Last week I was on a leadership course. I walked into the room on the first day to find the room arranged like a typical classroom. Rows of tables arranged neatly with one of the instructors waiting at the front of the room. It took about 2 minutes into the class for me to become disruptive. We were simply asked “Does the layout of the room lend itself to an effective learning environment?” I responded immediately with “woohoo – let’s get rid of the tables!” Then jumped up and started moving.
The rest of the room sat there looking at me in stunned silence. For a moment I wondered if they were going to lynch me. After a few seconds a second person got up, then a third, then the room started moving. We moved the tables off to the side and made a big circle of the chairs. It just seemed to happen once things started moving and I don’t remember anyone saying “let’s make a circle of chairs”.
What impact did my action have on the rest of the room?
I can only speculate what others were feeling based on my observations. However, it seemed some of the people were right with me on this move. Others seemed indifferent. Then there were people who seemed uncomfortable as suddenly they had no table in front of them.
I have been aware of my personality type for a large part of my career. I remember the first time I took a Myers-Briggs test. I learned Myers-Briggs helps me better understand myself. In other words to create more self-awareness about who I am and how I interact with the world around me. It was a good exercise and I did become more consciously aware of my personality traits. I also started to pay attention to the other personalities on the team.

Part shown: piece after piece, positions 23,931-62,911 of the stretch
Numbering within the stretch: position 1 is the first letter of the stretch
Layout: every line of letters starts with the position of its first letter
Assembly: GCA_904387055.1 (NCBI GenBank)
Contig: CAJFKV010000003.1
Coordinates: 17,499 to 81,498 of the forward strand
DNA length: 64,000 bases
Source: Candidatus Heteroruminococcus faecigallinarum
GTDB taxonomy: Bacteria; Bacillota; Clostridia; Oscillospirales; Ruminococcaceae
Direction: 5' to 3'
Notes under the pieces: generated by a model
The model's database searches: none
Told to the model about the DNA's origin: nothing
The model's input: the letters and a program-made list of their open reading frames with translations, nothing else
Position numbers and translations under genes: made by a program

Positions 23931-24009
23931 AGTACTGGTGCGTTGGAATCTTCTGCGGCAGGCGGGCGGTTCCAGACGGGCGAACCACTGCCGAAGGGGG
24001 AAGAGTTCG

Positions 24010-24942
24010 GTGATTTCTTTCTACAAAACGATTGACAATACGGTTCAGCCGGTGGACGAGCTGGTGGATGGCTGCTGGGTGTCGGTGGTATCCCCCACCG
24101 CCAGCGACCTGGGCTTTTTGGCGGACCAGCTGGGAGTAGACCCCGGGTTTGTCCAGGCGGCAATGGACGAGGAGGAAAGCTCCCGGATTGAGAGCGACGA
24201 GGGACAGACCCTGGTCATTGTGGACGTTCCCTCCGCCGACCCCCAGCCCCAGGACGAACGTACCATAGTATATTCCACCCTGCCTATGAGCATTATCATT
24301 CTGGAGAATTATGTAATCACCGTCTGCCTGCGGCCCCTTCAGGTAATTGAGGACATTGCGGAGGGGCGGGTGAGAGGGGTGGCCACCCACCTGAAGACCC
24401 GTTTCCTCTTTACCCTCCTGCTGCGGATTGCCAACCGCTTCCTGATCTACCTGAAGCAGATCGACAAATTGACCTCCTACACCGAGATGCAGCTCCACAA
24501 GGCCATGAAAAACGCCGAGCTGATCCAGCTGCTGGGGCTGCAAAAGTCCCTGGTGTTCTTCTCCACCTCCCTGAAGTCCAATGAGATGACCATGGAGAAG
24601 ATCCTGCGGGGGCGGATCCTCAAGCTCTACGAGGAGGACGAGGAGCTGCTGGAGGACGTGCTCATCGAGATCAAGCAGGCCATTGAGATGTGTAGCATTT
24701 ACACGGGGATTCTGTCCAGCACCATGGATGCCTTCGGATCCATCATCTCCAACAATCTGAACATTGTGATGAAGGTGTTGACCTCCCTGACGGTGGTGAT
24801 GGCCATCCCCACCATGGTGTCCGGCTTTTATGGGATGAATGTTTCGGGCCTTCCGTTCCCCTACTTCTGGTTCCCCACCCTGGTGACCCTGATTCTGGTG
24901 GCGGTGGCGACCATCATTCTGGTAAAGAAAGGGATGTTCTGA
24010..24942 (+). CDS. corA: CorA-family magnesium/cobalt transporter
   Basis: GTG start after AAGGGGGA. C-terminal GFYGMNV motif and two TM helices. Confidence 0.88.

As a leader last week became a good reminder for me of the importance in knowing who’s on the team. I knew when I jumped up at the start of the class I was being disruptive. However, I like to try stuff and see what happens and while having fun.
When leading a team here’s a few thoughts that may help your team become more effective:
- Have everyone learn more about them selves and share it with each other. No deep analysis, no judgement, just open sharing between the members of the team. Myers-Briggs is just one model. There are many others freely available on the internet if you search for them. I don’t consider any one of them perfect, but each provide valuable data points in awareness.
- Learn how your own personality type impacts the others in the room. While I was willing to jump and just try a different arrangement to the class-room, there are other personality types which would rather strategize and plan. For example, one of the participants said it would have been nice to know what will happen during the course. This would have allowed us to plan for an effective room layout. It served as a good reminder for myself to not forget the impact I can have on others during teamwork.
- Build a team environment allowing for effective discussions. We had several occurrences last week where we had proposals answered with other proposals, taking forever to reach a decision. There are several facilitation and decision-making approaches helpful to improving how teams debate and reach decisions. Help your team find the most effective approach for them selves. What will work for your team may vary depending on what personalities are in the room so be ready to experiment.
- Provide a structure allowing for discussions to slow down when needed. People process information at different rates, and when some people speed along you can lose those who need to contemplate what they’re hearing. Last week my team used a hand sign to signal for a pause. This hand sign worked for us as it was more effective than trying to interrupt some of the fast talkers.
This certainly isn’t a comprehensive list of how to build a good team. However, with a little effort it’s possible to get to know yourself first and help your team do the same. If you skip this step I’m not sure building a great team is even possible.